An online gateway to the Model "A" Ford hobby and antique car trunks.
1929 Model "A" Ford Special Coupe
In April 2008 I spent a pleasant weekend in Oklahoma. I was smoking with a new found friend, a retired farmer from Iowa. Smokers are usually very friendly because they get more fresh air than normal people since they can't smoke inside. He had gone through Branson, MO, on his way south and had seen a car show there. He was a fan of muscle cars and I said I liked Ford Model A's. That's how it started.
Years before I had owned a 29 Ford and hoped to one day get another. He replied that his brother in-law in Colorado had one, and was going to sell it... cheap. I was hooked; I got his brother-in-law's number and decided to call him when I got back home to Texas.
The phone call surprised the seller, he had not yet advertised it and wanted to know how I knew about the car. I told him of my chance encounter with his brother-in-law. Thanks to the power of the internet I soon got pictures of the car sitting in a dark barn. From what I could see, the body had had been sanded and primed, then placed with the fenders and running boards where they looked again like a car. The car was originally from Nebraska and 10 years before had been taken apart by a father and son for restoration. It sat for 5 years before being purchased by the brother-in-law and his 3 sons as a project. There it stayed in the barn protected from the weather for 5 years. He had the title and some restoration literature as well. The previous owner had driven it home under its own power prior to disassembly.
It took me several months to trade a very heavy flat bed trailer for a lighter dual axel car hauler more suited for the trip to Colorado. I wanted to see the car before I took the 1600 plus mile round trip with the trailer. Maybe on a stopover on my planned flight to California or via some one who knew something about Model A's. However, it did not work out that way. Â Â
Later that year, a swarm of bees gathered on a tree branch along my drive way. The bee keeper I called turned out to be an avid Model A guy! I took this as no coincidence and a good omen. My first Model A had a thriving bee hive in it when I found it thirty years before. I took it as a sign to get back into the hobby with this car. A good excuse anyway, I was going to Colorado.
I hitched up my new trailer and got on the road. A fortuitous tail wind pushed me all the way. I spent two days with friends in Denver, it rained the entire time. The car was on a farm 80 miles north of the city. The first time I saw it was inside that poorly lit barn as the storm continued to rage outside. Parts were piled on top of parts, extra fenders, wheels, sheet metal and who knows what else. The price was cheaper than quoted on the phone months earlier, however it was not anywhere near the condition I expected. I called one of my sons that had my first Model A and sent him the dark pictures taken on my phone. The price was great, I had driven 880 miles in 4 days and I wanted to get back into Model A's. I sent him the dark pictures, we talked, then another sign. Inside a bundle of parts was an old bee hive! That was enough. We loaded it onto my trailer. When we finished tying it all down it looked like more like a spider web than a car. I drove back to Denver in the rain, cold, wet and happy. I had a basket case to restore on a tap water budget, but I was back into Model As.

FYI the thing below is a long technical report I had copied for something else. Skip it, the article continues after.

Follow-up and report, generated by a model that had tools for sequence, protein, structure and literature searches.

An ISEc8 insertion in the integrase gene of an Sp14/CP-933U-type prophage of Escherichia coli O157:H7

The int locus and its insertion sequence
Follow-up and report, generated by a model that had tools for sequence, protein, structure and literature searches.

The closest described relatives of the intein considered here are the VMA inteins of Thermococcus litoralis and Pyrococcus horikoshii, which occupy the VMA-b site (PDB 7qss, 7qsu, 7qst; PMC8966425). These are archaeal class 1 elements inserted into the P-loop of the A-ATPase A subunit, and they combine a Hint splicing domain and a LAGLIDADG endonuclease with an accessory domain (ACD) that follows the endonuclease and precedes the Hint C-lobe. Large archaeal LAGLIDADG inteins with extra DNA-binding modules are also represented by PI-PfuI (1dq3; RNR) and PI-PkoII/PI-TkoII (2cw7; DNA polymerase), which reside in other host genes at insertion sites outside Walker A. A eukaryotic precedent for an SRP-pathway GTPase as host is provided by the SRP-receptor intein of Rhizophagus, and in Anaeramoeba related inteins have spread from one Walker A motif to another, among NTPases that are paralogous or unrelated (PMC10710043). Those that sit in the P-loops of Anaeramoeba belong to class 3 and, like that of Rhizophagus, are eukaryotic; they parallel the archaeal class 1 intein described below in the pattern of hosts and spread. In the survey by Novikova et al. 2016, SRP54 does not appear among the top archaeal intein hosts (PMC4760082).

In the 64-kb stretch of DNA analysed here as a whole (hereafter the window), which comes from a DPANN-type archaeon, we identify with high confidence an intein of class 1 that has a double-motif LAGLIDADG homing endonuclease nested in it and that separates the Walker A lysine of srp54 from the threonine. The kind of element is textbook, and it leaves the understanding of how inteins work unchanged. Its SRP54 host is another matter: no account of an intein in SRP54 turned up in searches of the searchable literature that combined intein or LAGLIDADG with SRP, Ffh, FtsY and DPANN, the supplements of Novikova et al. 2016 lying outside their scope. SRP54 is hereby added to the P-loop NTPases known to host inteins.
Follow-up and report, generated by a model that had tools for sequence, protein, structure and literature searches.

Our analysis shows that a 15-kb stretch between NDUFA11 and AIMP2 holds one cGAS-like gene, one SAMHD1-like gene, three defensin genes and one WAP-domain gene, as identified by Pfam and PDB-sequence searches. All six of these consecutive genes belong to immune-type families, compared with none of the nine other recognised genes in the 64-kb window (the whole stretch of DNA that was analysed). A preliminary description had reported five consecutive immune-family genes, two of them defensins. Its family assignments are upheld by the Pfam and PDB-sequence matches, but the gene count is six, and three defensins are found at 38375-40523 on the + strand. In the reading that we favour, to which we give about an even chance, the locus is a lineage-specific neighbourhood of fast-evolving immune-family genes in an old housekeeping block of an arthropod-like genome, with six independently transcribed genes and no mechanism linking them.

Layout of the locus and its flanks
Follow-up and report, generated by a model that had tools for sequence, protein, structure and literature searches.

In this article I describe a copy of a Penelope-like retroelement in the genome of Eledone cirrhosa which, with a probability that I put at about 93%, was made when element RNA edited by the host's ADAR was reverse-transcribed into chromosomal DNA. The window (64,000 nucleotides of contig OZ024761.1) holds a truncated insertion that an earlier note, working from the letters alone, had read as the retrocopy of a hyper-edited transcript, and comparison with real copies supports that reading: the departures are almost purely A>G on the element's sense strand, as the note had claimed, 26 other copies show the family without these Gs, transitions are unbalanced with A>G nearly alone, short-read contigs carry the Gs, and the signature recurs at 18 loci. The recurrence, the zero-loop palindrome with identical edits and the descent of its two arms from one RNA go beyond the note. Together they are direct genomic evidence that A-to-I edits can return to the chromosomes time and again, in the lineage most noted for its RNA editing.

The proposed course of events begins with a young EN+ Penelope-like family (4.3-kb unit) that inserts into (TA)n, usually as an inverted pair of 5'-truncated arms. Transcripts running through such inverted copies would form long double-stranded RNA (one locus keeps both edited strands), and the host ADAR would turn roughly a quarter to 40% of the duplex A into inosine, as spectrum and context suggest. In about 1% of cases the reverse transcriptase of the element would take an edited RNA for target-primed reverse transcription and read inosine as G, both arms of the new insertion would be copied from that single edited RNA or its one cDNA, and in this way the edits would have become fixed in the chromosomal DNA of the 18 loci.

From 2009 to 2012, these fine gentlemen from the Dallas MAFCA Chapter helped restore Cassie's frame and running gear at Merle's Model "A" Garage. In late 2012 we acquired a "new" rebuilt motor. Body work is next!
The brakes are all original; in this configuration it should be fairly easy to adjust any of the machinery without interference from the body or fenders. We also don't have to worry about scratching the paint.
Our 1929 Ford Special Coupe project "Cassie" has reached critical mass. Four years after starting the restoration the running gear rebuild is nearly complete.
The radiator was recently rebuild at the local shop. A new water pump and rebuilt transmission have been mated to the engine and installed. The frame was modified to accept modern shock absorbers. It should provide for a nice ride. It's great to finally get the parts off the shelf and onto the car.
In preparation for the running gear test drive, we have built a temporary seat and dashboard/gas rig. It looks more like a depot hack than a coupe at this point. It's going to be a lot of fun to drive this thing around the groves.